Some people who hide their tracks even use I.E.D.s (things that explode when you touch them, like traps, mines, wires and so on) to hurt or kill the trackers. This is called "Countertracking" in tracking words.
In quite all the manuals dedicated to combat tracking procedures you will surely find some reliable points related to Antitracking techniques.
Walking without leaving a trace goes under this category.
The more we know, the better we can use them.
Generally speaking, there are three main categories of the most common Antitracking techniques engaged: speed/distance, deception and offensive.
If we want to hide our tracks when we are in the woods, we need to avoid any movement, break, sight or sound that can easily show where we are.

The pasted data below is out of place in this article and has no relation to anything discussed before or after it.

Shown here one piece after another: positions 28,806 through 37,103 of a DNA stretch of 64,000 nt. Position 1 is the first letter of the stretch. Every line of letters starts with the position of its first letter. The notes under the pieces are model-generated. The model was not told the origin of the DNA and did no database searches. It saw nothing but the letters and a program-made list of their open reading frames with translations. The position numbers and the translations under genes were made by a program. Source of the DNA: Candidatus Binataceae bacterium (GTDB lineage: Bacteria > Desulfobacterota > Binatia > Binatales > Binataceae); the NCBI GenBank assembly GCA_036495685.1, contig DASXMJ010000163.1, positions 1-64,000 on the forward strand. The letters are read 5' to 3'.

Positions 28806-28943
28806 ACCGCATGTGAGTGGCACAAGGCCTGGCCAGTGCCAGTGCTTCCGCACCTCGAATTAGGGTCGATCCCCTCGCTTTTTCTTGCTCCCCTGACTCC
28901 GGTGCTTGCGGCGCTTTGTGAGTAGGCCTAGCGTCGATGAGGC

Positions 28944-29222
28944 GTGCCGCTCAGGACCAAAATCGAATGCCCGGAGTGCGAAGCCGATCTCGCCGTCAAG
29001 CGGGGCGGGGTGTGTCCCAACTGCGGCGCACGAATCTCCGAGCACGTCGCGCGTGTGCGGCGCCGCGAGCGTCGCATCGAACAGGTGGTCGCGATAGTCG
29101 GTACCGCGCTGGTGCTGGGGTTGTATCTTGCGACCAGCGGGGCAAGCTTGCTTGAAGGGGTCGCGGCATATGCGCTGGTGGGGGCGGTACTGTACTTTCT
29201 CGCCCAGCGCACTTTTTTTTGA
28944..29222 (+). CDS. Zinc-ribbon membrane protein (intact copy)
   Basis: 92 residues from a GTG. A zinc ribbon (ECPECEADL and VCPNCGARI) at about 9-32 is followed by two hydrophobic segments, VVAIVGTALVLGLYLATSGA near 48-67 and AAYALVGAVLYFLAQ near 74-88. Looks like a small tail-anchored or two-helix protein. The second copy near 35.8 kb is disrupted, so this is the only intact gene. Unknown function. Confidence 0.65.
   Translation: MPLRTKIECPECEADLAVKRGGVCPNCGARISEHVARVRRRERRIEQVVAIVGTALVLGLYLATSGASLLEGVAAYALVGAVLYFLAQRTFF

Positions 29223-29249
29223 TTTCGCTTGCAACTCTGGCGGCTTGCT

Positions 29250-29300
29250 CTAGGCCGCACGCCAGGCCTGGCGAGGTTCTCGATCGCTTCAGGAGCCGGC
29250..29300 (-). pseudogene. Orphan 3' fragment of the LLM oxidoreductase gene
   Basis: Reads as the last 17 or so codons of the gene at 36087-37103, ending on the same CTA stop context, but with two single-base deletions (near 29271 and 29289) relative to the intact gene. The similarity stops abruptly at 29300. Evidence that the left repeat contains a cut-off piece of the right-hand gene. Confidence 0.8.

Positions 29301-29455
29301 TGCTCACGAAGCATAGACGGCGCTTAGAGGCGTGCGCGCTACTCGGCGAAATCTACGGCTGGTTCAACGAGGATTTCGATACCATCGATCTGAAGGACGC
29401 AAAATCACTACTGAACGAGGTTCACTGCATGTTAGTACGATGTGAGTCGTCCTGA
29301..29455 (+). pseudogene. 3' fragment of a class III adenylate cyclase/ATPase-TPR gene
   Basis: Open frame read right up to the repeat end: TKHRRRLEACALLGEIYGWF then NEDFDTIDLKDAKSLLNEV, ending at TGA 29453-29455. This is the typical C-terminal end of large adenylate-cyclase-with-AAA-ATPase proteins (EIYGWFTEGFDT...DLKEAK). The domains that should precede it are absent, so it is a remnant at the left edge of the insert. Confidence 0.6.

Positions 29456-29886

Application of the British Antitracking Principles
Some grounds show tracks better than others. These are called "track traps". They are mud, sand, snow. On hard grounds like pine needles or dry leaves, rough slopes, rocky/dry ground or grassy fields, it is very hard to see and follow tracks.
To learn this well, we can use the famous "British ways to hide your tracks", made by SAS long ago in Malesia and Borneo fights
don't walk on soft ground if you can step over
don't leave the shape of our foot (even a small part of it) on muddy, sandy, snowy and wet ground with no things on it ("track traps")
- don't bend what you can move
- don't break what you can bend
- don't break what you can flex
- don't cut vegetation, don't start fires and so on
- avoid using things that smell
- take away your trash and poop
- avoid use of deodorants
- pack out your leftovers and excrements
How to walk without a trace in the forest